BUDAPEST, Hungary (AP) — The Latest on Europe migration issues (all times local):
An aid group that rescues migrants in the Mediterranean is denouncing suggestions it's in cahoots with smugglers, saying its mission is to simply save lives.
SOS Mediterranee hosted a news conference Friday aboard its rescue ship Aquarius following increased scrutiny about the increase in non-governmental organizations working rescue operations off Libya's coast.
The group's vice president, Sophie Beau, says SOS Mediterranee has never had contact with smugglers and that its mandate is to save lives, funded mostly by donations from private individuals and small associations.
The European Union's Frontex border control agency said in its 2017 risk assessment report that the huge increase in NGOs working the Mediterranean was having the "unintended consequences" of fueling smugglers' business.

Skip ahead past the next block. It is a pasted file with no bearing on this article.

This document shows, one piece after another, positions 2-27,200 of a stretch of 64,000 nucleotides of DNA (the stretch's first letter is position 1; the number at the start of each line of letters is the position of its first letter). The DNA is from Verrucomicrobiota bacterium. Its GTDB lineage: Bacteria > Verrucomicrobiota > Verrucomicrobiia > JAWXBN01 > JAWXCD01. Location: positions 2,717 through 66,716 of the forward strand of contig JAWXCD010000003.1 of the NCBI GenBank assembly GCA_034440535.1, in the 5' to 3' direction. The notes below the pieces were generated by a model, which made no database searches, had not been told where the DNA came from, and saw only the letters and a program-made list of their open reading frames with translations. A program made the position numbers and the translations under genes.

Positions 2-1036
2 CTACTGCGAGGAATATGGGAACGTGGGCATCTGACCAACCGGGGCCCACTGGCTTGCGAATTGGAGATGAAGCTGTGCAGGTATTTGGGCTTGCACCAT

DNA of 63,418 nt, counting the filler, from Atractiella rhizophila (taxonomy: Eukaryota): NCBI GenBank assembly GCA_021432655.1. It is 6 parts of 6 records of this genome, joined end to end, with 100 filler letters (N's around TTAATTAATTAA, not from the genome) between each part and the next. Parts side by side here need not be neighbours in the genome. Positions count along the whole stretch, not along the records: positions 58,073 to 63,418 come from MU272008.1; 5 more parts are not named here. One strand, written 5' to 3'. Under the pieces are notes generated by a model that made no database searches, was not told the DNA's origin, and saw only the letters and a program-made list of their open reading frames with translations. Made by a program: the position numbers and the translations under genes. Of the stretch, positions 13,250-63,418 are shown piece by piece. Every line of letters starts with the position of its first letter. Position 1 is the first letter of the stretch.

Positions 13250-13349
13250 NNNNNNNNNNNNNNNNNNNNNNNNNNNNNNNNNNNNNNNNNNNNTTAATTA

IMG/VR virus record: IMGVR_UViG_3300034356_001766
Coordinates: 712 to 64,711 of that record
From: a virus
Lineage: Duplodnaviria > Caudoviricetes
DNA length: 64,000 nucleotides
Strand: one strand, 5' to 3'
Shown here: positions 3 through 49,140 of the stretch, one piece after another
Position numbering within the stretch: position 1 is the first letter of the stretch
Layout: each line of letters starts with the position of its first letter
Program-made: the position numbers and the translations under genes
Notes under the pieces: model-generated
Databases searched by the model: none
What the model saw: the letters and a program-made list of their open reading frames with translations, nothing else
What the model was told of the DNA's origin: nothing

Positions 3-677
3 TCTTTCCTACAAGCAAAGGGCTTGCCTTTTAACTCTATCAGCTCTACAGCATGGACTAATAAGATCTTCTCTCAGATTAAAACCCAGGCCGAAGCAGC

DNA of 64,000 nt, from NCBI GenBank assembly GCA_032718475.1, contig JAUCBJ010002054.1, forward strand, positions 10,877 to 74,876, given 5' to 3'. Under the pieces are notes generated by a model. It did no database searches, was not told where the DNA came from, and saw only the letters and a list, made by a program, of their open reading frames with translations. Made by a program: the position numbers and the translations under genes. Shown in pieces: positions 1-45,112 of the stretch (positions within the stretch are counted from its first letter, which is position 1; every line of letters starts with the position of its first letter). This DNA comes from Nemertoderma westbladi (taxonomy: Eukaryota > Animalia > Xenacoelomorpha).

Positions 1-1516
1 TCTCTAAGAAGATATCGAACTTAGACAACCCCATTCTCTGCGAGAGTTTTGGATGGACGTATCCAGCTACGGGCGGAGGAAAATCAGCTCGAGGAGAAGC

Catania's chief prosecutor testified to a parliamentary committee last week about the phenomenon.
The Hungarian interior ministry says the expansion of two border container camps where asylum-seekers have to wait until their cases are decided has been completed.
The ministry said Friday that prison inmates were used to put 324 additional containers in the camps built on the Serbian border at the towns of Roszke and Tompa.
Hungary's new asylum rules, in place March 21, have been widely condemned by U.N. agencies and human rights advocates. Hungary plans to close the remaining refugee reception centers in the country and transfer all asylum-seekers older than 14 to the border camps.
Only a handful of asylum-seekers a day can present their applications at the camps, built by Hungary along with fences protected by razor wire on the Serbian and Croatian borders in 2015.